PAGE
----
When she quit her job at a local telecommunications company, Aerlene Mugambi spent two and a half years dabbling in small businesses without success until she discovered the world of digital currency.
Fifteen months later Ms Mugambi, 38, has made online digital trading a full time job, earning her a monthly income of up to Sh100,000 and she is not about to look back.
Like Ms Mugambi, more than 1,000 Kenyans are betting big on the unregulated, global digital currency craze and putting tens of millions of shillings at stake in pursuit of outsize gains.
Bitcoin and Ethereum, whose values have skyrocketed in the past 10 months, are the digital currencies of choice for the Kenyan traders.
Not even a Central Bank of Kenya (CBK) warning about the risks of putting money in currencies that are not backed by any regulator could dampen the eager punters who meet every Tuesday, Thursday and Saturday at an upmarket building in Nairobi’s Upper Hill area.
Bitcoin is a trust-based, digital currency that is not backed by any government or underlying asset, but commands its value from scarcity and universal tradeability.
The creator of Bitcoin is not known.
The Business Daily attended one of the Bitcon traders’ meeting in Nairobi, which has about 1,000 members.
Each member pays a minimum of Sh70,000 for membership and a starter trading deposit, which translates to a conservative minimum of about Sh70 million invested in the little-understood digital currency.
The Bitcoin craze has become particularly pronounced this year, with a single unit now fetching upwards of $7,500 (Sh772,000), up from $968 (Sh100,000) at the beginning of the year.
Ethereum, a newer entrant into the cryptocurrency space, has risen from $8.10 (Sh834) a unit in January to $322 (Sh33,000) by yesterday.
The Kenyan traders have formed clubs to pool their resources and invest in Bitcoins, mainly to do what is known in cryptocurrency lingo as mining.
“I was doing other things until I realised that you can capitalise on this business of digital currency and make some good returns out of it. This is what I do full time, combining that with going to educate people about Bitcoin, whether they want to buy coins or mine,” says Ms Mugambi.
She is also a member of the AchieversKlub Kenya that is affiliated to global mining unit BitClub Network that has its main facility in Iceland.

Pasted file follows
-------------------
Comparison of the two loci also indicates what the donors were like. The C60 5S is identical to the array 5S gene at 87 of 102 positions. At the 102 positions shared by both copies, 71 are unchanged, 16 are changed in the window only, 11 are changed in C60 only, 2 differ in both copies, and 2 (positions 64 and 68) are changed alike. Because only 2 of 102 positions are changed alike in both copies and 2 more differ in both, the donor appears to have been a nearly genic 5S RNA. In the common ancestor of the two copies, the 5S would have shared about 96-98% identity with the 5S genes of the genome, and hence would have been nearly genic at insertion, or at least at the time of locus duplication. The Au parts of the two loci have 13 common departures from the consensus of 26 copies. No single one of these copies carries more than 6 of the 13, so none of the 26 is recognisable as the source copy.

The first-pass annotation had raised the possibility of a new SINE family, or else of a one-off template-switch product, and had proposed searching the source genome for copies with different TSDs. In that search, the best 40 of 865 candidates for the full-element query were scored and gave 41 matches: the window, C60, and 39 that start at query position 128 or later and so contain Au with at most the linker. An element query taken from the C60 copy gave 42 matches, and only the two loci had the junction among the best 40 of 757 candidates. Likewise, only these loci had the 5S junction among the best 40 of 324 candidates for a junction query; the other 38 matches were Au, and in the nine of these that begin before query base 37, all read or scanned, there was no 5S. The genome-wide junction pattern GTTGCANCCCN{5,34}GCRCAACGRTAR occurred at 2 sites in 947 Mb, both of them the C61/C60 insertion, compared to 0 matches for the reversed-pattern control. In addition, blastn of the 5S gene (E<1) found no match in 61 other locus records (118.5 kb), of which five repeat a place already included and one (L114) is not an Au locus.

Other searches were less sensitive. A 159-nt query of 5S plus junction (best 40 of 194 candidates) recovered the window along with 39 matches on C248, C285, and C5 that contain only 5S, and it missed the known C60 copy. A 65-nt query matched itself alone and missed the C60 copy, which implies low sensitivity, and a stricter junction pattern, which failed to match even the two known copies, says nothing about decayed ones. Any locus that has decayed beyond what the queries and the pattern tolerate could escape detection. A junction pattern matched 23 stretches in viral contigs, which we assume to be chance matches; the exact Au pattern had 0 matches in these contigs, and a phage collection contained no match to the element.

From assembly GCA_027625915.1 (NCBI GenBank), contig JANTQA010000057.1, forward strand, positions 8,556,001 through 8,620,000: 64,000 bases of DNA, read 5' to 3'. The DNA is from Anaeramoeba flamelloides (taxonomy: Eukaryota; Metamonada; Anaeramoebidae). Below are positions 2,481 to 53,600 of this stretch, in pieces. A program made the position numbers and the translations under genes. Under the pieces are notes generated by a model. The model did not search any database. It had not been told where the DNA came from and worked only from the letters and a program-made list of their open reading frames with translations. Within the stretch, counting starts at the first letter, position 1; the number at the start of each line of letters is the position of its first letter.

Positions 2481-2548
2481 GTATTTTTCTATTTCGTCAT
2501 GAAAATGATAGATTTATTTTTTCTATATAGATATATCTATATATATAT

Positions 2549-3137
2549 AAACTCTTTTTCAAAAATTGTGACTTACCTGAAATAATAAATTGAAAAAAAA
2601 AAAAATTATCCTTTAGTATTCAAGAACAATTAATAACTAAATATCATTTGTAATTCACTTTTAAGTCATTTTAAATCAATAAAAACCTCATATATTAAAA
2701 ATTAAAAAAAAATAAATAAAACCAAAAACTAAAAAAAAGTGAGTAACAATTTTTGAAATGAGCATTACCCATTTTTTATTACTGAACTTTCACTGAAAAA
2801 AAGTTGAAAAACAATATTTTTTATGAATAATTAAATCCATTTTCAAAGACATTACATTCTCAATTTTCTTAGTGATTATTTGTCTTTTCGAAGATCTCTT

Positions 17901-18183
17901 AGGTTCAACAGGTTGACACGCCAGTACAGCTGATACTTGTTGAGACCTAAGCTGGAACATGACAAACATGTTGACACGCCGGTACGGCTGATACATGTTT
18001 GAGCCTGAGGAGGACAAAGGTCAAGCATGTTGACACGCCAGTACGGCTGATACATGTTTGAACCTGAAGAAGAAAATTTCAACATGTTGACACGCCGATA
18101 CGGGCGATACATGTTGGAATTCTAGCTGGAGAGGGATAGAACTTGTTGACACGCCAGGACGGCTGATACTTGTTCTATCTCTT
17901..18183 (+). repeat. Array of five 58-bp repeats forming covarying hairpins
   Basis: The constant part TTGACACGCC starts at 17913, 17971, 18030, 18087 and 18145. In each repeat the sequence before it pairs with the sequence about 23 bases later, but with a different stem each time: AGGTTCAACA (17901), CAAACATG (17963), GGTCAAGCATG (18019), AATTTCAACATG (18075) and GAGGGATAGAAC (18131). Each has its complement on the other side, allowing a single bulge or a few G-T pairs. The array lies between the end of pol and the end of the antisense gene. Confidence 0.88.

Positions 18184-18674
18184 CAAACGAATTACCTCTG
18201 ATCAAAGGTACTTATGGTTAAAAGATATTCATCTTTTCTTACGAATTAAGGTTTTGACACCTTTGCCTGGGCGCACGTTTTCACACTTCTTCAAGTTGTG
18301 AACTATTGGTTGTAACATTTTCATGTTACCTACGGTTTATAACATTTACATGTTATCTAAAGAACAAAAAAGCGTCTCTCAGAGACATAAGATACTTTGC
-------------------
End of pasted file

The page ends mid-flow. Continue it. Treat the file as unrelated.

Mining involves setting up powerful computer processors that are used to verify global Bitcoin transactions — based on an online digital register— and in return the person is issued a certain number of Bitcoins in exchange.
It is the primary means for issuance of new Bitcoins into the market and it also plays the role of the central exchange for the currency.
The age profile of the AchieversKlub’s attendees is surprisingly diverse, with a mix of young professionals and middle-aged business people who take the trade as a side hustle to earn passive income.
The initial joining fee of Sh70,000 covers membership fee and one share, from which the new member starts earning a slice of the mining income of BitClub Network, which has 150,000 members drawn from 90 countries.
Those bringing in new members also earn a commission. In Kenya, the idea of a referral for commission raises comparisons with multi-level marketing or pyramid schemes, the latter having caused untold pain to the public.
The digital currency wave has had its doubters, among them central banks and several prominent business leaders globally.
The CBK issued a public notice in December 2015 warning the public to desist from transacting in virtual currencies.
Like many of its peers globally, the CBK pointed to the fact that these currencies carry heavy risk due to their lack of regulation and backing by an underlying asset, warning consumers they would lose their money without having any legal redress in the event these exchanges collapse or close business.
The regulator had not responded to the Business Daily's queries on Bitcoin trading in Kenya by the time of going to press.
“In case of dispute, the recourse avenues available to traders are very limited, restricted only to instituting a civil case between the parties,” said Justice Gatuyu, an advocate who has been tracking the advent of the digital currencies.
In China, the government has been cracking down on Bitcoin, which has spawned a huge industry in the country with huge mining farms that take up a large amount of electricity to power their powerful processors.
Kenyans have, however, been content to overlook these risks instead focusing on the promise of huge returns compared to limited returns from the traditional investment classes.
Raymond Kaptich, a 42-year-old civil engineer, is also a director at the club. He told the Business Daily that he has also taken up Bitcoin trading full time, having previously done private engineering work for 10 years, including handling contracts for Kenya Power’s Last Mile connectivity programme.
Mr Kaptich argues that there is risk in all investments, while defending Bitcoin from claims that its obscurity is also leading to use in financing illegal activities.
“While the CBK raised the issue that digital currency can be used for illegal activities, the same applies for hard currency. Every digital platform you use to trade has an IP address, therefore every wallet can be traced,” he says.
“Saying that you’re on your own in the event of loss of Bitcoin…this applies everywhere, irrespective of whichever investment you make.”
Independent analyst Aly-Khan Satchu says that what has been happening in Kenya is part of a global movement towards the mainstreaming and acceptance of Bitcoin.
“The price volatility is unprecedented though, and investors need to have a sky-high tolerance for risk,” says Mr Satchu.
Pointing to the demand-driven rise in price, Mr Satchu says that eventually, cryptocurrencies are likely to be accepted as a legitimate investment class.